We Can All Breathe a Sigh of Relief: Star Wars Toymakers are Not Agents of the Patriarchy

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In an apparent effort to prove that you can do data journalism on literally any topic, Leah Libresco examines the merchandising bonanza of the latest Star Wars movie:

The most-recent “Star Wars” Monopoly set did what the villain of “Star Wars: The Force Awakens” couldn’t, sidelining Rey, the film’s female protagonist…. Fans signed petitions, wrote letters, and tweeted their outrage using the “#WheresRey” hashtag…. The controversy reached its climax when Hasbro, the maker of the game, said Rey will be represented in new editions.

To see whether Rey’s absence was local to Monopoly or more widespread across all “Force Awakens” toys, I did what any sensible data journalist would do: I went to a toy store. Well, a digital one. Toys R Us lists 256 toys in their online “Force Awakens” store, but only 70 of them include any of the major characters introduced in the new movie. Rey holds her own among this group.

“Rey holds her own”? I guess so. She and Finn are the main heroes of the movie, and they’re pretty close in the toy competition. The real news here is a clear anti-human bias: the biggest toy winners are Kylo and Captain Phasma, who spend most or all of the movie in masks, and BB-8, a droid so calculatingly adorable as to bring back involuntary memories of Ewoks.

Anyway, as long as we’re on the subject, you’ve probably all been waiting on the edges of your seats wondering what I thought of the movie. Well, the first week it was too crowded, so I didn’t go. I’m too old for standing in line. The next week, the kids were still out of school, and a friend was visiting who had no interest in the movie. The next week, my mother’s car broke, so I loaned her mine and had no way to get to the theater. By the time I got my car back, I had come down with a cold and didn’t feel like going. So it wasn’t until yesterday that I finally I saw it.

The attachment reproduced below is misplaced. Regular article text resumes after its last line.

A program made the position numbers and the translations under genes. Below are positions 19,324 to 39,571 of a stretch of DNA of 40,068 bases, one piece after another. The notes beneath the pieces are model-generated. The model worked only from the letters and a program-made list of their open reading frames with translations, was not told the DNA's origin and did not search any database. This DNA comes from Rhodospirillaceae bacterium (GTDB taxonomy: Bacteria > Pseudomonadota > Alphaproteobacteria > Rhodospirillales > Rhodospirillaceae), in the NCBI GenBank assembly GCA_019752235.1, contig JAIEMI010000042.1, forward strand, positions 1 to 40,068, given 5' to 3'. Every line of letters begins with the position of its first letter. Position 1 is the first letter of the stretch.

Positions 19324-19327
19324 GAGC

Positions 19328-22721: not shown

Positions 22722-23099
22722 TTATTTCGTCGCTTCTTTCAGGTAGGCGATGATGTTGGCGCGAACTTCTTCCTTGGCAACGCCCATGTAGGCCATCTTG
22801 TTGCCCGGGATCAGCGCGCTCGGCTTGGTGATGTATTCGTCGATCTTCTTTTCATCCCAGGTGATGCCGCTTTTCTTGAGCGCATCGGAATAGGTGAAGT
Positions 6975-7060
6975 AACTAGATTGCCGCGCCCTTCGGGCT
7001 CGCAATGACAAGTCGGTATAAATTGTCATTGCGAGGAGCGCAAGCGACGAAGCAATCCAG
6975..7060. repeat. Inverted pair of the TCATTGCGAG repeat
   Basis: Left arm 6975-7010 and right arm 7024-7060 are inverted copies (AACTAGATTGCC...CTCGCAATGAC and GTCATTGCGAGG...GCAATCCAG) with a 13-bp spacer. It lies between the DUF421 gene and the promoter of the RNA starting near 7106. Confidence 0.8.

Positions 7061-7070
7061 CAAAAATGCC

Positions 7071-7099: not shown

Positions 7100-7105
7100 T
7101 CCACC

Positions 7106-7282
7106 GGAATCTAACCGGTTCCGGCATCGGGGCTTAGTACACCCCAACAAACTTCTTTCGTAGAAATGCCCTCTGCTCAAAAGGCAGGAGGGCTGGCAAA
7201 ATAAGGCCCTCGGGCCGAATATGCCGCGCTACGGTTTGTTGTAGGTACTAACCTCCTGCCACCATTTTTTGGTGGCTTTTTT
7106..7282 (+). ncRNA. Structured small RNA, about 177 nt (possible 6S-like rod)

And I was stunned. I was prepared for anything from bad to pretty good, but it turned out to be stultifyingly boring. There’s nothing “wrong” with SWTFA. The acting is OK. The dialog is OK. The effects are OK. The pacing is OK. The direction is OK. The editing is OK. The characters are OK. As a piece of craft, it’s fine. But when you put it all together it’s two hours of nothing. And yet, the residents of Earth have spent a billion dollars on tickets! What the hell is wrong with you people?

The movie’s big mystery, of course, is “Who is Rey?” The answer is, “Who cares?” Here’s my guess: she’s a clone constructed from a preserved pubic hair of Obi-Wan Kenobi. We’ll find out in the exciting sequel!

Anyway, JJ Abrams has now ruined Lost. He’s ruined Star Trek. And he’s ruined Star Wars. He’s a one-man wrecking crew. But there’s a silver lining: at least I can now say with confidence that I’ll never waste money seeing a JJ Abrams production again.

And now for the worst part. I never thought it was possible I’d say this, but I have marginally more respect for George Lucas’s prequels now. They may have sucked, but at least he tried.

HERE ARE THE FACTS:

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ONE MORE QUICK THING:

Our fall fundraising drive is off to a rough start, and we very much need to raise $250,000 in the next couple of weeks. If you value the journalism you get from Mother Jones, please help us do it with a donation today.

As we wrote over the summer, traffic has been down at Mother Jones and a lot of sites with many people thinking news is less important now that Donald Trump is no longer president. But if you're reading this, you're not one of those people, and we're hoping we can rally support from folks like you who really get why our reporting matters right now. And that's how it's always worked: For 45 years now, a relatively small group of readers (compared to everyone we reach) who pitch in from time to time has allowed Mother Jones to do the type of journalism the moment demands and keep it free for everyone else.

Please pitch in with a donation during our fall fundraising drive if you can. We can't afford to come up short, and there's still a long way to go by November 5.

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